Metrics Mini-Series: Net Working Capital (3)

18 July 2022

What you need to know about net working capital and its importance for your company 


This article is part 3 of the metrics mini-serie on financial metrics.

Managing your cash inflows and outflows, is vital for all companies whether they have expansion or re-organization plans. A large amount of cash can be taken up by the working capital. You may need to give your clients decent payment terms, maintain a certain inventory to service clients, and pay your suppliers in a timely manner. However, it is not always straightforward to manage those cashflows efficiently.

Let’s take a look at the net working capital in more detail.

Net working capital (NWC)

NWC measures a company’s liquidity, operational efficiency, and short-term financial health, providing an insight into the company’s overall liquidity and its ability to pay its short-term debts. (For more information on other liquidity metrics, read our previous blog on liquidity.)

A positive NWC indicates that a company can finance its current operations and invest in future operations and growth, while a negative NWC shows that the current ratio is less than 1 (see our liquidity blog), which means the company may have difficulty growing or paying back creditors.

However, a high NWC is not always positive as it can indicate that the company has too much stock or is not investing its excess cash. To avoid this, it’s important to monitor and manage your NWC carefully, but depending on your industry sector, this can be capital-intensive to do.

Every sector is different, and the relevance and importance of NWC on your company depends on various factors.

Sector based Net Working Capital

An important factor is the average deal size. Businesses with larger deal sizes tend to give longer payment terms or refer to periodic invoicing for collecting cash. This is often the case for a consultancy business or B2B SaaS business. While resources (service of employees) are provided and payment by clients will be performed afterwards, this can lead to a temporary cash need, or phrased differently, a working capital need.

It is less relevant for sectors with a small deal size, such as B2C e-commerce companies, because payment often happens immediately.

For a B2C SaaS business, giving the customer the option to pay 12 months upfront, can be a powerful way to create a positive effect on the cash balance.

How to calculate your NWC:

current assets – current liabilities (broad definition)

accounts receivable + inventory – accounts payable (narrow definition)

Important elements for calculating NWC

  • Accounts receivable: this can be measured using the days sales outstanding (DSO) metric.
  • Inventory: this can be measured using the days sales of inventory (DSI) metric which is also known as the days inventory outstanding (DIO) metric. Alternatively, this can be done by counting the number of products in inventory using price-volume metrics. In order to use these metrics, your inventory must be clear and identifiable. Inventory is only included in the NWC for product-related companies.
  • Accounts payable: similarly, this can be measured using the days payables outstanding (DSO) metric. This metric should be monitored closely to ensure you pay invoices on time, but not too early or late, to optimize your cashflows.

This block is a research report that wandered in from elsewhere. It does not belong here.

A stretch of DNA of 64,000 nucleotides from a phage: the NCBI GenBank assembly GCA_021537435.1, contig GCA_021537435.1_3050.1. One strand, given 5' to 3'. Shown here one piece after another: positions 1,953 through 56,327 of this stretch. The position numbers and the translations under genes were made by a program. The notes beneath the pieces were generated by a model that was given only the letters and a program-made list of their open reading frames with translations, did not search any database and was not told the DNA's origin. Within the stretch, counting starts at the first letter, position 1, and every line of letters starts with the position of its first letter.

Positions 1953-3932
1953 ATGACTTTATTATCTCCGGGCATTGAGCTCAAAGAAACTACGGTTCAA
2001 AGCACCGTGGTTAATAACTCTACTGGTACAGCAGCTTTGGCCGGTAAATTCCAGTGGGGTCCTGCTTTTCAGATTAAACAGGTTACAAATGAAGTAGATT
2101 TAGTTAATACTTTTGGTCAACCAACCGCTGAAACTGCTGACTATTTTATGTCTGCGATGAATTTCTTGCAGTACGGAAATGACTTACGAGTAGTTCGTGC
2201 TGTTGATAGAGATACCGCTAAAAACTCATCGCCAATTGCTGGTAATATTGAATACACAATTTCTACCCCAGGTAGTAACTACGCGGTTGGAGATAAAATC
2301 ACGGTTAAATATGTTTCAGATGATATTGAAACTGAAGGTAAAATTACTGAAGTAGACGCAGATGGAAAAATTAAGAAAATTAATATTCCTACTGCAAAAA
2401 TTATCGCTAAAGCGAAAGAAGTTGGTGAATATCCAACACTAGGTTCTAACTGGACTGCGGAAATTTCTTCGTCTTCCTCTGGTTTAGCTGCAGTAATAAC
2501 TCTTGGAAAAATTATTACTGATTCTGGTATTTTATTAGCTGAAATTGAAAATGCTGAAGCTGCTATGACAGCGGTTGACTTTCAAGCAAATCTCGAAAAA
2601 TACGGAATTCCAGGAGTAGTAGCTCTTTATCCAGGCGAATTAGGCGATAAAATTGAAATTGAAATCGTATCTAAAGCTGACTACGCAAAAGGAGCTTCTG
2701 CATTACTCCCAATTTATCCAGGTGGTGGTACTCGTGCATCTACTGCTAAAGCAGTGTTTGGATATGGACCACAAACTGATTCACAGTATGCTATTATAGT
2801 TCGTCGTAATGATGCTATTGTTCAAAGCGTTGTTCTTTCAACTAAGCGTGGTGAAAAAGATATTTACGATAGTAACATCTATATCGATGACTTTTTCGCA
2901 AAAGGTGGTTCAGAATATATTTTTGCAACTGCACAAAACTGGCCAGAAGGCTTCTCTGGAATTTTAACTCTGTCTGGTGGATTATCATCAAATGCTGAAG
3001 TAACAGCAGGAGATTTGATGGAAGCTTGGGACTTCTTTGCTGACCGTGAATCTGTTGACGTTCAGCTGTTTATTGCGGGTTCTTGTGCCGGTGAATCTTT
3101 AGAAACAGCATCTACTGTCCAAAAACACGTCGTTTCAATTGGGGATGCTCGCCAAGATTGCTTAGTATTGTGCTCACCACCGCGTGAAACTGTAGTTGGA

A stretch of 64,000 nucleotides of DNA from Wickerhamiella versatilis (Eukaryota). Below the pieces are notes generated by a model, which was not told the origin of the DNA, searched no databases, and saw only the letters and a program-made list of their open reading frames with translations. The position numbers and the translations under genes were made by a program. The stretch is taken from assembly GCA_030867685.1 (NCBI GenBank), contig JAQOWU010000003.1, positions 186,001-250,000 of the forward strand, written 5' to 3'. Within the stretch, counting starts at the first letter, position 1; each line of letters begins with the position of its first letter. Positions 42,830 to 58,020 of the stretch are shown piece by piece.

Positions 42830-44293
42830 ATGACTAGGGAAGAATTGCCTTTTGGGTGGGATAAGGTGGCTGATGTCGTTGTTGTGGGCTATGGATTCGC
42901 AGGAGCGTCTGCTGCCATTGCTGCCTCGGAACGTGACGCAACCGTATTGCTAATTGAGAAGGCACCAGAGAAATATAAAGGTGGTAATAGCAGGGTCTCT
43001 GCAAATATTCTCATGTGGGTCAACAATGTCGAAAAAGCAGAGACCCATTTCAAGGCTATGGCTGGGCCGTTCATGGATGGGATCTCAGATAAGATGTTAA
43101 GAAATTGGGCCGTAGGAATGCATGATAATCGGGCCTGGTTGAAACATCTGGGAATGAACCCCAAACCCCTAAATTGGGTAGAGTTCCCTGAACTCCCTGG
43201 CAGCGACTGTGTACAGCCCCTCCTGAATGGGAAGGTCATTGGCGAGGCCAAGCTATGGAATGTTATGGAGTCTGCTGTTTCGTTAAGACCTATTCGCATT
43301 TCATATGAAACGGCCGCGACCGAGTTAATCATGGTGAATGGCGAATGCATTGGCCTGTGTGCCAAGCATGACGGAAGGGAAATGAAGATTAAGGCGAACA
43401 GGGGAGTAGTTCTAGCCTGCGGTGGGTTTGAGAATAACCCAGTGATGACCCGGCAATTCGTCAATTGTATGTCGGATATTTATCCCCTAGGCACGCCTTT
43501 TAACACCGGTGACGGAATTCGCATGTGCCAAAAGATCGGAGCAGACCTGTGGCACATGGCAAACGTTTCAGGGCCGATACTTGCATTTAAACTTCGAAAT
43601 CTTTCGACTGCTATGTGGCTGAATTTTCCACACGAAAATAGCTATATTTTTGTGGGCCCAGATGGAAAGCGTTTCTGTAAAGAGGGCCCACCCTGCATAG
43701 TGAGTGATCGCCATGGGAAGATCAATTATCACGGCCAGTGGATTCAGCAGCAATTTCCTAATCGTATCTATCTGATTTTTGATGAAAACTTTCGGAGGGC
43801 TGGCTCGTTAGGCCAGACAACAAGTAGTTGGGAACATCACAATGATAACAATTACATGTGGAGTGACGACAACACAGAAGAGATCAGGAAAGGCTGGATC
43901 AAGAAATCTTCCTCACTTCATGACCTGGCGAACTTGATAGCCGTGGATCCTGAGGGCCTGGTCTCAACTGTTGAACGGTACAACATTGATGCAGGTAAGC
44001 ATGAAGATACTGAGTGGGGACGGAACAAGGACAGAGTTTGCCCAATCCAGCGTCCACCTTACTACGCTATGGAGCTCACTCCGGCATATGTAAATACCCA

More information on all these metrics can be found in our liquidity blog .

Three aspects of NWC are working capital requirement (WCR), cash burn, and cash runway.

  1. Working capital requirement (WCR)

WCR is the amount of money required to keep the company’s operations going (or expanding) by covering the gap between accounts receivable, accounts payable and inventory. The larger this gap is, the less flexibility and capital you have available to seize opportunities, such as expanding your product line to meet new demand. When calculating your WCR, it is important to plan for late payments from some customers to ensure that your WCR is realistic.

The efficiency of your working capital can be calculated using the cash conversion cycle (CCC) metric (see our liquidity blog).

  1. Cash burn

The cash burn rate looks at the amount of money a company spends per month, in other words, it measures the negative cashflow. There are two variations of cash burn: net burn and gross burn. Gross burn is the total amount of expenditure the company has per month, while net burn also includes revenues.

When you are growing a company from scratch it is likely that it is not profitable for a significant period of time. To prepare for investments planning, and importantly manage the cash need, the cash burn is most relevant.

How to calculate your net cash burn:

Revenue – monthly operating expenses = net burn rate

Cash/monthly operating expenses = gross burn rate

  1. Cash runway

The cash runway calculates how long the company can continue to operate at the current cash burn rate before they run out cash reserves and would need to raise additional capital. It can be used to highlight potential overspending, for example if the cash runway shrinks from one quarter to the next. Together with the cash burn rate, the cash runway is especially useful to track growth and profitability in startups.

How to calculate your cash runway in months:

Total cash/monthly cash burn rate (gross or net)


Talk to the experts

Are you interested in better managing and optimizing your NWC to achieve your company’s future ambitions? Do you want to talk about your WCR, cash burn rate or cash runway? Contact CFO rent for expert help on boosting your company’s financial health by improving your cashflows.



This is the third article in a four-part blog series on metrics in financial metrics. Click here to read part 1 on profitabilitypart 2 on liquidity and part 4 on solvability.

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